The 106th Rescue Wing wants you!
That was part of the message from Colonel Michael F. Canders, commander of the Air National Guard’s 106th Rescue Wing, who delivered the second annual State of the Base speech last Wednesday, March 26, at the unit’s home base at Gabreski Airport in Westhampton.
The Air National Guard unit, which operates under the umbrella of the U.S. Air Force, is in need of personnel, according to Col. Canders. “The pay is good, the benefits are good, but the job satisfaction is excellent,” he said. The commander urged all those interested who qualify for military service to contact the base.
Gathered in the base’s auditorium last week were nearly 100 unit personnel, veterans of the 106th Rescue Wing, and local government officials including Southampton Town Supervisor Linda Kabot, Town Councilman Chris Nuzzi and Westhampton Beach Village Mayor Conrad Teller.
After the colonel’s 45-minute address—which included a seven minute recruiting film highlighting the rescue unit—Mr. Nuzzi said that while mostly everyone knows that the 106th Rescue Wing is based at Gabreski, few realize just how valuable an asset it is for the community and country. “These men and women are amazing,” Mr. Nuzzi said. “I don’t think people really get just how incredible they are.”
Ms. Kabot said those assigned to the 106th Rescue Wing had the most important job of all—saving lives. “You just don’t get more special than that,” she said.
Mayor Teller, who has served as mayor since 2006 and lived in nearby Westhampton Beach for his entire life, said the Air National Guard adds to the morale of the community. “They’ve always been good neighbors,” he said. “They provide jobs and they service the community. I never want to see them leave.”
The first State of the Base address was given last year in the wake of a series of base closings that nearly grounded the 106th Rescue Wing for good. A periodic review, known as a Base Realignment and Closure process, conducted by the Pentagon in 2005 had the 106th Rescue Wing in its sights.
The fat-trimming process considers the value of domestic military bases throughout the country and is aimed at saving billions of dollars by closing underutilized facilities. Another such review will likely occur when a new President takes office in 2009 and Col. Canders is determined to get the word out as to the necessity of the 106th Rescue Wing.
“We need to get our story out,” he said. “And that story is a good one.”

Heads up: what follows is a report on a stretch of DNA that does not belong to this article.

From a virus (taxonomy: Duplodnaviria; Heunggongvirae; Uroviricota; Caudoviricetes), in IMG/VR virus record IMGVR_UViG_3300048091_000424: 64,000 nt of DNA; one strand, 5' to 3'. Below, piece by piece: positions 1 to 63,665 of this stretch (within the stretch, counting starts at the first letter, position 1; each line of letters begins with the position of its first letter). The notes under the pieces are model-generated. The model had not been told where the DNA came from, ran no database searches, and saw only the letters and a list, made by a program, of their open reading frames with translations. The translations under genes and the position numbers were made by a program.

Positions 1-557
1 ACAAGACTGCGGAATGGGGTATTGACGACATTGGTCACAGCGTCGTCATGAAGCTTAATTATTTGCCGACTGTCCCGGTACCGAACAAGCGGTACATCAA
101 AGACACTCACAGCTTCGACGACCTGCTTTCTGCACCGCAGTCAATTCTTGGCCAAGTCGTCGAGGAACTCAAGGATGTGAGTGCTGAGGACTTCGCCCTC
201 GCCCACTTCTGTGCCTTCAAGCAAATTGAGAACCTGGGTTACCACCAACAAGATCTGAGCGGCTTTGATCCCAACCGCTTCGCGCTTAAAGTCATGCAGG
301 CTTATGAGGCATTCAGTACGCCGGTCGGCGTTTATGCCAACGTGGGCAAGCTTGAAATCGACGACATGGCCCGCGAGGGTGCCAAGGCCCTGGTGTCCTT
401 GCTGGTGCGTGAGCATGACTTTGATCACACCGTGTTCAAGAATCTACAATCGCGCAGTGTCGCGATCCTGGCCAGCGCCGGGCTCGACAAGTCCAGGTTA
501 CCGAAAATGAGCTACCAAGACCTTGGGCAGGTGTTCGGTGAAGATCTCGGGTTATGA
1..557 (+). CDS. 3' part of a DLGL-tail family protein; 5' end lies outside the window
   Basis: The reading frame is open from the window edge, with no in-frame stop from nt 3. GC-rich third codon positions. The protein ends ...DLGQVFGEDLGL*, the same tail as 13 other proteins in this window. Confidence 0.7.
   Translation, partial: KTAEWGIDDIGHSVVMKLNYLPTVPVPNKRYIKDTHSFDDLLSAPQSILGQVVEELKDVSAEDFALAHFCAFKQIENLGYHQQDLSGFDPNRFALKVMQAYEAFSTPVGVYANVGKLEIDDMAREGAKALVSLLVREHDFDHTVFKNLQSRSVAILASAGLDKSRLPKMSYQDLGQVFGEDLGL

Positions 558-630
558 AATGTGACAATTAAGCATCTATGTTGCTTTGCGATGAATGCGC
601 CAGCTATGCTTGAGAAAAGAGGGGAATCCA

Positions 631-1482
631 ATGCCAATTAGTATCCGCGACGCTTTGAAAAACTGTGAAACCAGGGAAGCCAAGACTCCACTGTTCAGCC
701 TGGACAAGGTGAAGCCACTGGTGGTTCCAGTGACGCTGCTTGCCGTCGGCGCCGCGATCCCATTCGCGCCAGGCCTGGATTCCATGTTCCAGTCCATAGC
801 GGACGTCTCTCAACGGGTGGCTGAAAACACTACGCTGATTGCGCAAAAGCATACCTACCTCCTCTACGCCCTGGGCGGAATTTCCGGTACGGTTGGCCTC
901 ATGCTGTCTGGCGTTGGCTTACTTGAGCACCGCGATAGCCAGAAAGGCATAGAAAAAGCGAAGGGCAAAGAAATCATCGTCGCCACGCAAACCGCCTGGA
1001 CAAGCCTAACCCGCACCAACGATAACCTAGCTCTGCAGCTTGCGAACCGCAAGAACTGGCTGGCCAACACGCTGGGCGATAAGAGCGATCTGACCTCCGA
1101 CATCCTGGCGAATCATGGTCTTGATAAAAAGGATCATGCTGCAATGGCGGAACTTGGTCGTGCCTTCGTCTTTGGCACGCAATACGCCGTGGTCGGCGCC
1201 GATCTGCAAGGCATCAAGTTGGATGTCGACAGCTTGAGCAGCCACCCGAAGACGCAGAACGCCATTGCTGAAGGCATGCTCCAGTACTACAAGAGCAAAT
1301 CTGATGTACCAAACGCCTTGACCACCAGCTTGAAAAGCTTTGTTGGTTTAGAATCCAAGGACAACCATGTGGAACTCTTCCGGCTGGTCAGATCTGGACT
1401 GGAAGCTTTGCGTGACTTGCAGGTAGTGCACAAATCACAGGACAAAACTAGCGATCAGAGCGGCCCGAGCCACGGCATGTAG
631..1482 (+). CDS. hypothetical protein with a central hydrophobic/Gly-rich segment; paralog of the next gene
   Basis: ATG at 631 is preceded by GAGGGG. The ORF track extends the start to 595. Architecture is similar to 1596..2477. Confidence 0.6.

With a federal, state and local mission, the 106th Rescue Wing has a full plate. But, according to the colonel, the men and women of his outfit are ready to meet any challenge thrown their way. “We train constantly for that moment when, God forbid, we’re called on to save a life or respond to a disaster or an attack,” Col. Canders said.
The two seminal events at the heart of the colonel’s address and the focus of the unit’s state of readiness are 9/11 and Hurricane Katrina. “No one dreamed we’d get attacked on our own soil,” Col. Canders said. “Defending our homeland is our number one mission.”
After the terrorist attacks, the Rescue Wing inserted pararescue teams into Ground Zero to help scour through the rubble in search of survivors. The workhorse of the 106th is the Pavehawk helicopter. The six choppers assigned to the base have the capability of being refueled in the air by HC-130 tankers allowing the birds to stay in the air longer, travel farther and save more lives.
After Hurricane Katrina, members of the 106th Rescue Wing flew over devastated New Orleans, plucking 161 people from the rooftops of flooded houses. To date, that rescue marks the single largest life-saving event in the unit’s history. In total, the unit has 610 saved lives to its credit. The Rescue Wing’s motto, “That Others May Live,” is a sentiment that Col. Canders said the men and women of the unit take to heart.
With Long Island prone to hurricanes, Col. Canders said Hurricane Katrina was an eye-opening experience. “It was total chaos down there,” he said. “We just flew down and started picking people up.”
With its 9,000-foot-long runway, the air base can accommodate massive C-5 cargo planes—aircraft so large a full court basketball game could be played inside their bellies—that could bring much needed supplies to the East End should a Katrina-like storm hit. The runway also serves as a back-up emergency landing strip during space shuttle missions.
“I don’t know how we’d ever get it out of here,” Col. Canders said of the space shuttle. “But we can land it here.”
During shuttle launches and re-entries, the 106th stands at the ready to rescue astronauts in the event of an aborted mission.
But the duty of the 106th Rescue Wing often takes them further than New Orleans as the unit has deployed overseas to every operational theater since Saddam Hussein invaded Kuwait in 1990. After the Gulf War, 106th Rescue Wing pilots deployed to Turkey to enforce the U.N. mandated Northern No Fly Zone over Iraq and to Kuwait to enforce the southern portion. Since 9/11, the unit has seen action in Iraq and Afghanistan with rescuing downed pilots as one of its primary combat tasks.
Today, with the U.S. military engaged throughout the world, the old tag of “weekend warrior” simply doesn’t apply to those serving in the Air National Guard. “We’re fully integrated now,” Col. Canders said. “This is no longer a one weekend a month job.”
Home to the Air National Guard’s oldest flying squadron, the 102nd, the Rescue Wing can trace its proud history back the “aeronautical corps,” which was formed by aviation enthusiasts in the New York National Guard in 1908.
In October 1991, in events depicted in the movie “The Perfect Storm,” rescue pilots from the 106th were sent to rescue a sailor 60 miles from Gabreski Airport. Unable to refuel in the storm, the helicopter ditched in the Atlantic Ocean and Pararescueman Arden “Rick” Smith was lost.